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Hotel Price Ads 101

3 MINUTE READ | November 5, 2013

Hotel Price Ads 101

Hotel Price Ads (HPA) is an online hotel booking tool by Google in which travel agencies, hotels, and meta-search sites can advertise their prices and draw traffic to their site for a customer to complete the booking process.  HPA is designed as a pay-per-click auction model, much like AdWords, where bids are placed to compete for traffic.  There are 4 different areas within the Google ecosystem where travelers can enter an advertiser’s site: Hotel Finder (found by clicking on the list of hotels in the search results), a hotel’s Google+ Page, Local Universal (usually found by clicking on the hotel carousel at the top of some search results pages), and Maps.  Hotel Finder was also recently rolled out on mobile.

Hotel Finder:

Screen Shot 2013-11-05 at 10.49.42 AM
Screen Shot 2013-11-05 at 10.52.10 AM

Google+ Place Page:

Screen Shot 2013-11-05 at 10.52.17 AM

Local Universal:

Screen Shot 2013-11-05 at 10.52.27 AM

Maps:

Screen Shot 2013-11-05 at 10.52.33 AM

The Auction

For each hotel property, Google gathers all advertisers who submit a price, place each advertiser into a price bucket by grouping similar prices, and then ranks advertisers within each bucket by bid to determine the order in which prices are displayed.

It is possible for a slightly more expensive hotel to rank higher if the bid is higher due to the price bucket grouping.  For example, if Advertiser A submits a hotel rate of $100 and a bid of 3% and advertiser B submits a rate of $105 and a bid of 3.5%, then it’s possible that Google would place B above A since the bid is higher and the prices are similar.  The highest ranked advertiser, when clicked on, only pays a price that is incrementally higher than the second highest bid.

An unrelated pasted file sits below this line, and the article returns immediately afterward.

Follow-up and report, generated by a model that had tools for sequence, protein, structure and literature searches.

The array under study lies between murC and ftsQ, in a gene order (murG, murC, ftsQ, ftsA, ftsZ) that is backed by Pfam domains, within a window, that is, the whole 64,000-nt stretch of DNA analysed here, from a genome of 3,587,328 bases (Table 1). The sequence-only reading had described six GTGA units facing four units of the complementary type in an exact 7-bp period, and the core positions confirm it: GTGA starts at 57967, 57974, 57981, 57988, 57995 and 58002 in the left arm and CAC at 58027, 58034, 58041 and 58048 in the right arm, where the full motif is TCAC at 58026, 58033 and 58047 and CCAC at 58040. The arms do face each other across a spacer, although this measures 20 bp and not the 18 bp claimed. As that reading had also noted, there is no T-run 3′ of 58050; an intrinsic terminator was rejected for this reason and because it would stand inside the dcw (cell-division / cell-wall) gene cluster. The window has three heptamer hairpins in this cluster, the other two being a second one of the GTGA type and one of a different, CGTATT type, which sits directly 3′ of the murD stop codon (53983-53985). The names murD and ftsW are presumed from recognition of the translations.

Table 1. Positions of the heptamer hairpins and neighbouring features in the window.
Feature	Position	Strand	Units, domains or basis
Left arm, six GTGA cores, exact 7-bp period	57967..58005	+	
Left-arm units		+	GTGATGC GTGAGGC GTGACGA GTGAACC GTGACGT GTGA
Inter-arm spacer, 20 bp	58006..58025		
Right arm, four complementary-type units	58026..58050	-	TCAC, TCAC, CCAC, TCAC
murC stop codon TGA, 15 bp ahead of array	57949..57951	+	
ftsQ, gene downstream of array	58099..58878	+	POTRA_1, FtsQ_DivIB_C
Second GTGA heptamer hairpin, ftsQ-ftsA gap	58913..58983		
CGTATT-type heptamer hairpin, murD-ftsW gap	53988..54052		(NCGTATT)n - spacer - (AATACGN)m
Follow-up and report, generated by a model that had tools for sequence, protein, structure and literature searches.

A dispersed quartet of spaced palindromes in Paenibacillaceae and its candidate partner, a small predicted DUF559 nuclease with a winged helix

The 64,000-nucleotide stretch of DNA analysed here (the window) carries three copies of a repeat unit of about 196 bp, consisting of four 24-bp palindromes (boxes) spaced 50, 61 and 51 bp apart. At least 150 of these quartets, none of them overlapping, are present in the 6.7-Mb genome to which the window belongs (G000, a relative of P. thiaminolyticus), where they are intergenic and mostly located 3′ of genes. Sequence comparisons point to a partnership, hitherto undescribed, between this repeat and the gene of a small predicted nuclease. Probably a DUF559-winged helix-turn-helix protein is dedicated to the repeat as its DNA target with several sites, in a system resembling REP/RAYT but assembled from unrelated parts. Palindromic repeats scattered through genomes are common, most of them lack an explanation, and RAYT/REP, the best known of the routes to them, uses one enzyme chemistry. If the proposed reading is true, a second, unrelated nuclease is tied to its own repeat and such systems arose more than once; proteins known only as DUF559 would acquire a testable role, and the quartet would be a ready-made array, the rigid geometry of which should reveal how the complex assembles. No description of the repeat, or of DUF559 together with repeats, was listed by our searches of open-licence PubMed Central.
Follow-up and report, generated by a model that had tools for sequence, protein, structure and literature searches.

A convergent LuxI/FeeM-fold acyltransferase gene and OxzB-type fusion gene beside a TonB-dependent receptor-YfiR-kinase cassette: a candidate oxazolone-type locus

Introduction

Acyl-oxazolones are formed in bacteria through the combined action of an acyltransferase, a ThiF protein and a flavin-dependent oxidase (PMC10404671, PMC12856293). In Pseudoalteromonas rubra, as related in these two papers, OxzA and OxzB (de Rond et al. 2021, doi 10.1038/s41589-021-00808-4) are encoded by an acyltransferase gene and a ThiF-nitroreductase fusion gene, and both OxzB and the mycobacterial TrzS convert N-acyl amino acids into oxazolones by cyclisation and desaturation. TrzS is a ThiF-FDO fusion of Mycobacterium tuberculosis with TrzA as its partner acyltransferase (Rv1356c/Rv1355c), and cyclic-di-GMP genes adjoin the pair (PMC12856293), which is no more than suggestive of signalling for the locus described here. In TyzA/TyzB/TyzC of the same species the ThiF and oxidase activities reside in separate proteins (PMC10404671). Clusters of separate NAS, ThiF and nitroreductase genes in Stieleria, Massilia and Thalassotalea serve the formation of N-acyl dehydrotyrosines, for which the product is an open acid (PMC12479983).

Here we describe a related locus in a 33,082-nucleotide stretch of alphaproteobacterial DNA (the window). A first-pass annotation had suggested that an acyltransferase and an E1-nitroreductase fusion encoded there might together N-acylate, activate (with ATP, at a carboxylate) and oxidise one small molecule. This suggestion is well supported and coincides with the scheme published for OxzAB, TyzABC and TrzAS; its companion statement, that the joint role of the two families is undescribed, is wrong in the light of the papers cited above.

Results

The best-priced retailer doesn’t automatically get impressions, so it is very important to develop strategy around that.  Bids can be set by multiplier at the site level, the property level, and even the country of search origination to capture the most qualified traffic.   We expect bid multipliers based on room type and length of stay to roll out in the near future.

The Feed

Prices are submitted to Google by a feed.  The feed contains information such as the hotel ID, address, rates over the next 90 days, and the more sophisticated feeds are taking advantage of the capability to advertise prices based on room type.

This is particularly advantageous because it is possible (for example) to have the best advertised price on a hotel, draw traffic to the site, but for the customer only to find out the advertised price  is a twin bed when the competition was advertising prices for two doubles.   It’s important to offer as much detail as possible before a customer clicks through to the site in order to qualify traffic and minimize wasted spend.

Your feed should be sent to Google every time that there is a price or availability change on a property.  We cannot stress enough how important it is for the feed pricing to match the prices on the site.  Otherwise, it could be disastrous from an optimization standpoint. That’s because the true ROI can’t be determined for a given property when valid clicks can’t be separated from clicks that occurred from stale pricing.

Optimization

The nature of HPA reporting is always next day; real-time reporting doesn’t exist yet.  Google Analytics can be used for directional insight, but we recommend using Koddi to manage HPA campaigns.  You can get more info here:  http://koddi.com.

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Hopefully this overview has whetted your appetite and shown you what’s possible with HPA. It’s an exciting program and as Google scales up, it will offer hoteliers and suppliers a great way to generate profitable bookings!


Posted by George Andrade

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